600 startups launched per day in London in the first six months of 2016 alone – and these figures are only growing. More so today, with the culture of startups lauded, setting up your own venture is a particularly enticing proposition.
However, having a great idea and running with it is not enough – leading a successful startup is also about finding the best equity balance for you. Finances matter. We take a closer look at how you find the best way to split that potentially profitable pie.
Splitting equity – but among whom?
Although splitting equity may seem a straightforward idea – giving away parts of your business in exchange for either funds or services – it can be an intricate process.
“Splitting equity is an incredibly complex business,” says Matthew Bradley, an investor at Forward Partners. “It’s not a decision that exists discretely.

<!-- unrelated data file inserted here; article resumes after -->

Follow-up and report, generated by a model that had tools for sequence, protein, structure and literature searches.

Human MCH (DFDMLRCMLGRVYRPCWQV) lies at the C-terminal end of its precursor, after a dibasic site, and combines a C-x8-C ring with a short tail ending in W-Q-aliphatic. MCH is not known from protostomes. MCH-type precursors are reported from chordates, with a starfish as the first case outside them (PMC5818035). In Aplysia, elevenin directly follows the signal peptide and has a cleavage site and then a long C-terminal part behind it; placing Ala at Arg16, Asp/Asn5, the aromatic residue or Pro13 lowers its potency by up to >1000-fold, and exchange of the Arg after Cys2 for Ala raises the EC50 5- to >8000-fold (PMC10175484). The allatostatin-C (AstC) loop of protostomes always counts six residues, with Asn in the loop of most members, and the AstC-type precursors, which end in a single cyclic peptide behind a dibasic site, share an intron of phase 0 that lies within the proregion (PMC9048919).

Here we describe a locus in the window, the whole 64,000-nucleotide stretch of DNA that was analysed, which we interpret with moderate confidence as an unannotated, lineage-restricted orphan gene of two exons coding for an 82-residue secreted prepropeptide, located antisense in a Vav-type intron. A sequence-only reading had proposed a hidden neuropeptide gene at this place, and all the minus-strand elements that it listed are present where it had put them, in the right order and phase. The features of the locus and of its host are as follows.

“Startups go through highs and lows, pivot, experiment, fail and succeed – and there are also people involved, which complicates the matter further. To different people, at different times, the split among founders may look more fair or less fair as a result of all of these factors.”
Most importantly, when splitting equity among founders, Bradley advises that leaders should get everything on the table up front so that the reasons for the equity split are known and understood.
“Some founders and business types might benefit from more streamlined decision-making processes,” he says. “If that’s the case, equity shares should probably reflect that. Some teams may well err on the side of consensus and have splits reflecting that.”
As with so many business decisions though, what is “right” is not a matter of numbers or percentages, but about what works for your startup.
600 startups launched per day in London in the first six months of 2016.
“The decision isn’t black and white so what you’re optimising for is what people think – and will continue to think – is fair most of the time,” Bradley adds.